• Example 3: You initiate retrieval of one 500 GB virtual tape from the Virtual Tape Shelf in US East (Northern Virginia) Region. This is the first retrieval of the month. The prior peak concurrent data retrieval for the month was 0 GB. When the retrieval is initiated the concurrent data retrieved will be 500 GB which will be your new peak concurrent data retrieved. The charge for the retrieval will be the difference between the prior and the new peak concurrent data retrieval i.e., (500 GB – 0 GB) x $0.30/GB = $150.00. The next day, you initiate a retrieval of one 500 GB virtual tape after the first tape retrieval is complete. Because 500 GB is equal to the prior peak concurrent data retrieval of 500 GB, the second retrieval will be free.

¶ The billing system follows Coordinated Universal Time (UTC). The calendar month begins midnight UTC on the first day of every month.

Q. How will I be charged for deleting data from my Virtual Tape Shelf that is less than 3 months old?

Virtual Tape Shelf is designed for use cases where data is retained for months, years, or decades. Deleting virtual tapes from a Virtual Tape Shelf is free if the virtual tape being deleted has been stored for three months or longer. If a virtual tape is deleted within three months of being archived, you will be charged an early deletion fee. In the US East (Northern Virginia) Region, you would be charged a prorated early deletion fee of $0.03 per GB deleted within three months. For example, if you delete 1 virtual tape containing 1 GB of data 1 month after uploading it, you would be charged a $0.02 early deletion fee. If, instead you delete the same virtual tape after 2 months, you would be charged a $0.01 early deletion fee.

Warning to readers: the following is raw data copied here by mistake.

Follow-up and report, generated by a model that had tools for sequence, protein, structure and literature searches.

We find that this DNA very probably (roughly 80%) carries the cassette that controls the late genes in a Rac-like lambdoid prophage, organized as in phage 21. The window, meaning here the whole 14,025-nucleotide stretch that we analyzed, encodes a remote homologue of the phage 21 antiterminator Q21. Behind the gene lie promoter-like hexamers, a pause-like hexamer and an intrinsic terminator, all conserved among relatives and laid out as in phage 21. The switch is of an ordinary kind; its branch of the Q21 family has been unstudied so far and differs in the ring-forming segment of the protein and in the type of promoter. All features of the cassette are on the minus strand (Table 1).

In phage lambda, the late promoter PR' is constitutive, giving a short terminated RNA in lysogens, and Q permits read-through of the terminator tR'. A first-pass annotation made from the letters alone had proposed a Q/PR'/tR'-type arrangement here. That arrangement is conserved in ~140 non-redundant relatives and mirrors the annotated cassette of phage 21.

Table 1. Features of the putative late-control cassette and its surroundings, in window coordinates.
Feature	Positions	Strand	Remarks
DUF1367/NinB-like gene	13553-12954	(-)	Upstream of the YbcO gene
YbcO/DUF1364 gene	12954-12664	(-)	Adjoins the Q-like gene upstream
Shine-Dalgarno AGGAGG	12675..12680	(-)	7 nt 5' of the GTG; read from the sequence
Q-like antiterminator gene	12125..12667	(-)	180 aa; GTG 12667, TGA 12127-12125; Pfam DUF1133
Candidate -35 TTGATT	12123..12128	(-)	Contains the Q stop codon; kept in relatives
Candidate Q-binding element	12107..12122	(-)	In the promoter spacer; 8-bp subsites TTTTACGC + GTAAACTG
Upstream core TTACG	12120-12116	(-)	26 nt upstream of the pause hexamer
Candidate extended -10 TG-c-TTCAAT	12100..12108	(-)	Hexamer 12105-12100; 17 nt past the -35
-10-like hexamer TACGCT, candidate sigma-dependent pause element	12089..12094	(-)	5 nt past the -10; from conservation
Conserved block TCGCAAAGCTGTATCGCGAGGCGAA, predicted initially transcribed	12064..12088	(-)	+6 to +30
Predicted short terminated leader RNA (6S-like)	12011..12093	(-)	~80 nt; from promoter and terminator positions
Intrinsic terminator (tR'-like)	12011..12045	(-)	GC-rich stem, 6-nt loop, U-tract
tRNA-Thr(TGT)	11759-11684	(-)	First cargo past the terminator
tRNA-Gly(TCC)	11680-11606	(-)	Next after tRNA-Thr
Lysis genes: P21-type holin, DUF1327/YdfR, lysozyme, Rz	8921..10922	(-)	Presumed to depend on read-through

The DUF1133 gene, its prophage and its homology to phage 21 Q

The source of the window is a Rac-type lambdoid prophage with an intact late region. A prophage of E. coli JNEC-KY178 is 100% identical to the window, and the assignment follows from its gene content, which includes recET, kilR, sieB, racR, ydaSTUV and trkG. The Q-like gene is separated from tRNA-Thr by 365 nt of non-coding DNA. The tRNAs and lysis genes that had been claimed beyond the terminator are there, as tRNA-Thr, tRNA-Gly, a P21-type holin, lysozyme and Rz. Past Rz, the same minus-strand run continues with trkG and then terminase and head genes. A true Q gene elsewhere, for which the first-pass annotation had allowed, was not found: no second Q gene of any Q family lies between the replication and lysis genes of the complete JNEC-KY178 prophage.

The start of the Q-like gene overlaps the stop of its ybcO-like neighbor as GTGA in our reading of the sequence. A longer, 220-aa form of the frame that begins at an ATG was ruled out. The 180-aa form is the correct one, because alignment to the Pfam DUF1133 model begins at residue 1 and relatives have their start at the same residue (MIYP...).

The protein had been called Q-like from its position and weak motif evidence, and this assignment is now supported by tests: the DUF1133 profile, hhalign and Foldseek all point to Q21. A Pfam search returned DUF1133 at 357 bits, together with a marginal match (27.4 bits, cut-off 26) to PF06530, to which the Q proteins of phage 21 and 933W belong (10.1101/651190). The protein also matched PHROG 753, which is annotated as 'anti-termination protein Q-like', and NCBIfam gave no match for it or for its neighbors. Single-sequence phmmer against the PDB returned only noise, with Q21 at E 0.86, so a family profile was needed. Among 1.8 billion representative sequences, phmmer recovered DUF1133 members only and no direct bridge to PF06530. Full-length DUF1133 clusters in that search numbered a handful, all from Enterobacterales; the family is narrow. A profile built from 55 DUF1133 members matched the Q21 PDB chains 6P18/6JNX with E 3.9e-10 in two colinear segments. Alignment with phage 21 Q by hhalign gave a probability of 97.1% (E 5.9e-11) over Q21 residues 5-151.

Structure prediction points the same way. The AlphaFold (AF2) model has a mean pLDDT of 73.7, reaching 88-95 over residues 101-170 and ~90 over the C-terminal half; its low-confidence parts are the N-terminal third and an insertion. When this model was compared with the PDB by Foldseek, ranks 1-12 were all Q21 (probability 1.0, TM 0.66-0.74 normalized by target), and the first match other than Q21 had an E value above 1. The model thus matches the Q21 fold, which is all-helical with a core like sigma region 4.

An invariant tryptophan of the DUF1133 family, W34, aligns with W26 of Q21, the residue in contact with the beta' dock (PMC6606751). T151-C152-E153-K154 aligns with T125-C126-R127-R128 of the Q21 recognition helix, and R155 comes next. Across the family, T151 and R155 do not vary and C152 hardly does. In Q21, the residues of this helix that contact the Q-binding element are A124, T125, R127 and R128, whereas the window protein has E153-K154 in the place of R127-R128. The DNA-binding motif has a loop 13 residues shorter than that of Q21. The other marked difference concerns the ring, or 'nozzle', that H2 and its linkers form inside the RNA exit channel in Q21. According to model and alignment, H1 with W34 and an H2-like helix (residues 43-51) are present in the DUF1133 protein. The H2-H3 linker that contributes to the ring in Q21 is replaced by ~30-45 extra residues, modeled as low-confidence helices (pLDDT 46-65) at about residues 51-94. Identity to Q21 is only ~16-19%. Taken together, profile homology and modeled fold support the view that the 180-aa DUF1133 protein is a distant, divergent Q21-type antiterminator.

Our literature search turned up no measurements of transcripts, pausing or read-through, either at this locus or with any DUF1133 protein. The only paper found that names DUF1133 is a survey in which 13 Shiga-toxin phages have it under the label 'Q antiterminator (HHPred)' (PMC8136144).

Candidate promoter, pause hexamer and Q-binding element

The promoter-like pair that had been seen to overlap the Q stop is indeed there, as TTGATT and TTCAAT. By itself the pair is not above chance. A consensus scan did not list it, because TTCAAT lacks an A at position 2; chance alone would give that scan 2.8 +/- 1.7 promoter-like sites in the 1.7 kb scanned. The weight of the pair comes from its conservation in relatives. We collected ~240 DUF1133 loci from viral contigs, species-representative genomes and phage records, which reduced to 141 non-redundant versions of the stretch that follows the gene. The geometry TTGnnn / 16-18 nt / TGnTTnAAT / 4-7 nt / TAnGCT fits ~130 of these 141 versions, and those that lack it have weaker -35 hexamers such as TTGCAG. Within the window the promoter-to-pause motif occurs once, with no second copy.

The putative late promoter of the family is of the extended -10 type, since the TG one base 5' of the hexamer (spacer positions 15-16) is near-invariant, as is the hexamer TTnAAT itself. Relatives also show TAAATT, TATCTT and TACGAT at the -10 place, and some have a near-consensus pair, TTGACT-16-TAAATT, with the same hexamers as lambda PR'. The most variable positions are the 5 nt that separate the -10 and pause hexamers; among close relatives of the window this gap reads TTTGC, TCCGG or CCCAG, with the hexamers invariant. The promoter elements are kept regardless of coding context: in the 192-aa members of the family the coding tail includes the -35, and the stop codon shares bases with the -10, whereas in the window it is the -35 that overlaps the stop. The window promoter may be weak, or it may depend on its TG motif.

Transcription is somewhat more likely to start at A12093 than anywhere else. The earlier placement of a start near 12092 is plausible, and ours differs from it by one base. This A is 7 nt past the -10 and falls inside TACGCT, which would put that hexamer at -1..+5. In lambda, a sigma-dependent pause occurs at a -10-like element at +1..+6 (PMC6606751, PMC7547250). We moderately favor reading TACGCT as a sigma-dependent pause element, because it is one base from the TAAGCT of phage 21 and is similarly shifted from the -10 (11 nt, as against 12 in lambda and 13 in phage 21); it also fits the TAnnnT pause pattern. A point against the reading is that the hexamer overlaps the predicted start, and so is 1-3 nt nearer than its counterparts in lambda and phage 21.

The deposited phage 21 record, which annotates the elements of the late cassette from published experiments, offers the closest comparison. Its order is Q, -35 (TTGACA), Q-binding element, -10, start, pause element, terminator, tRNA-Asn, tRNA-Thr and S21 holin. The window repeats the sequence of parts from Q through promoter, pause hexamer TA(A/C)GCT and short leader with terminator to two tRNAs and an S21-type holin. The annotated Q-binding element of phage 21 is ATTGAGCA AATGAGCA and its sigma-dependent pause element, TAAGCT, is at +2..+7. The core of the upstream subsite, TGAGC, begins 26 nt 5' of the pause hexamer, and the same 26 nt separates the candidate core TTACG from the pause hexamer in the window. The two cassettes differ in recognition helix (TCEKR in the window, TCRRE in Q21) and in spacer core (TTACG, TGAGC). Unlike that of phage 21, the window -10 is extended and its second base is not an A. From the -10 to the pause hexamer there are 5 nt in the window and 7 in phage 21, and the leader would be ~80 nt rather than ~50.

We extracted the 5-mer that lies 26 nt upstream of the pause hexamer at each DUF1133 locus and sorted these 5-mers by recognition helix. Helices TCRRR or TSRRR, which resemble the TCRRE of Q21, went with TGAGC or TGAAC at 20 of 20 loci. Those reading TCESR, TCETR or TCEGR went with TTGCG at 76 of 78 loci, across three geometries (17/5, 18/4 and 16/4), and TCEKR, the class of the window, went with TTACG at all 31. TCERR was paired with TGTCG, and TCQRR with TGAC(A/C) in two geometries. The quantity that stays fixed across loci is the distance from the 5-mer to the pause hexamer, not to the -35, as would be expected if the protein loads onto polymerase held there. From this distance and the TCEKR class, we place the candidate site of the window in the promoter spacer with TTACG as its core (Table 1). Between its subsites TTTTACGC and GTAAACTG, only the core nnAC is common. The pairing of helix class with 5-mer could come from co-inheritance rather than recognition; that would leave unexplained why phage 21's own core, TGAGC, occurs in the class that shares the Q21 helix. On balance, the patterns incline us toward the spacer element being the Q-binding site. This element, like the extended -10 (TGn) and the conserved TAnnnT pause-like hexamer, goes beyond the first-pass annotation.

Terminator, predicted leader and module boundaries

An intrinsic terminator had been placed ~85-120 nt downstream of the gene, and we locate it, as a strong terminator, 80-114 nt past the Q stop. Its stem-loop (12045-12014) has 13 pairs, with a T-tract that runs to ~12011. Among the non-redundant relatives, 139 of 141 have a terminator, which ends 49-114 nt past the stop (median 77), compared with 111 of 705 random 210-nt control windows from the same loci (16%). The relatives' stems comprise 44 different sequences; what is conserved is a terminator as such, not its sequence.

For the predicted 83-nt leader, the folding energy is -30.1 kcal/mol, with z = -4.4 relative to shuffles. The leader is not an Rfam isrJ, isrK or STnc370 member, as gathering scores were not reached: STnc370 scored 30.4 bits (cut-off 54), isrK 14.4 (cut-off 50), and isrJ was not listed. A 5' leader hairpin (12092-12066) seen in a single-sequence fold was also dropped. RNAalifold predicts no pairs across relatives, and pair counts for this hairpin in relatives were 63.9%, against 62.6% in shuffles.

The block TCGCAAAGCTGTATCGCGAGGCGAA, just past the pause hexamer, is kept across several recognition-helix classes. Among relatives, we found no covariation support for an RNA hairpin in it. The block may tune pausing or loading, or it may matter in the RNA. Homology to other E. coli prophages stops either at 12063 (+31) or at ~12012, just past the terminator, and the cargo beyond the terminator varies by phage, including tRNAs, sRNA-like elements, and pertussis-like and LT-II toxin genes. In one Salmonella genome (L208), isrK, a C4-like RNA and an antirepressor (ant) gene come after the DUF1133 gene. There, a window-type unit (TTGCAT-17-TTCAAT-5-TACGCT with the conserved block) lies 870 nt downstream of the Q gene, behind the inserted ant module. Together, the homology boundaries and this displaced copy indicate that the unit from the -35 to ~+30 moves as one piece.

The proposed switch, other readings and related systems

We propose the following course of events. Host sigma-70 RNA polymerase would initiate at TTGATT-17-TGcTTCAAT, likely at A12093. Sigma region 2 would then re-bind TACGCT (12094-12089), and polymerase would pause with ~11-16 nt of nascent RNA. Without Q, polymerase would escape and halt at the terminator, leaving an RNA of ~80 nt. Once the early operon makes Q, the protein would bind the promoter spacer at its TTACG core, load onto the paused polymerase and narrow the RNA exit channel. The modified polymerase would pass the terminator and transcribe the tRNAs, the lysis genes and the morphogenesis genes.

Q. Do your prices include taxes?

Except as otherwise noted, our prices are exclusive of applicable taxes and duties, including VAT and applicable sales tax. For customers with a Japanese billing address, use of the Asia Pacific (Tokyo) Region is subject to Japanese Consumption Tax. Learn more.

Q. Does the AWS Storage Gateway encrypt my data?

The AWS Storage Gateway encrypts all data in-transit to and from AWS via SSL. All volume and snapshot data stored in AWS using Gateway-Stored Volumes/Gateway-Cached Volumes and all virtual tape data stored in AWS using Gateway-VTL is encrypted-at-rest using Advanced Encryption Standard (AES) 256, a secure symmetric-key encryption standard using 256-bit encryption keys.

Q. What form of iSCSI authentication does the AWS Storage Gateway support?

The AWS Storage Gateway supports authentication between your gateway and iSCSI initiators via CHAP (Challenge-Handshake Authentication Protocol).

Q. How do I monitor my gateway?

You can use Amazon CloudWatch to monitor the performance metrics for your AWS Storage Gateway volumes, giving you insight into bandwidth, throughput, and latency. For your Gateway-Cached volumes, you can also monitor your CacheHitPercent to ensure your local cache storage is large enough to store your recently accessed data for low-latency on-premises access. These metrics are accessible from the AWS Management Console. You can refer to our technical documentation to learn more.

Q. Does the AWS Storage Gateway support bandwidth throttling?

Yes, using the AWS Management Console, you can restrict the bandwidth between your gateway and AWS based on a rate that you provide. You can specify individual rates for inbound and outbound traffic.

Q. How does the AWS Storage Gateway manage updates?

When configuring your gateway, you can specify a weekly maintenance schedule. This allows you to control when the AWS Storage Gateway service deploys important updates and software patches to your local gateway. Updates should take only a few minutes to complete.

Q. Does AWS Premium Support cover the AWS Storage Gateway?

Yes, AWS Premium Support covers issues related to your use of the AWS Storage Gateway. Please see the AWS Premium Support detail page for further details and pricing.

Q: What other support options are available?

You can tap into the breadth of existing AWS community knowledge through the AWS Storage Gateway discussion forum.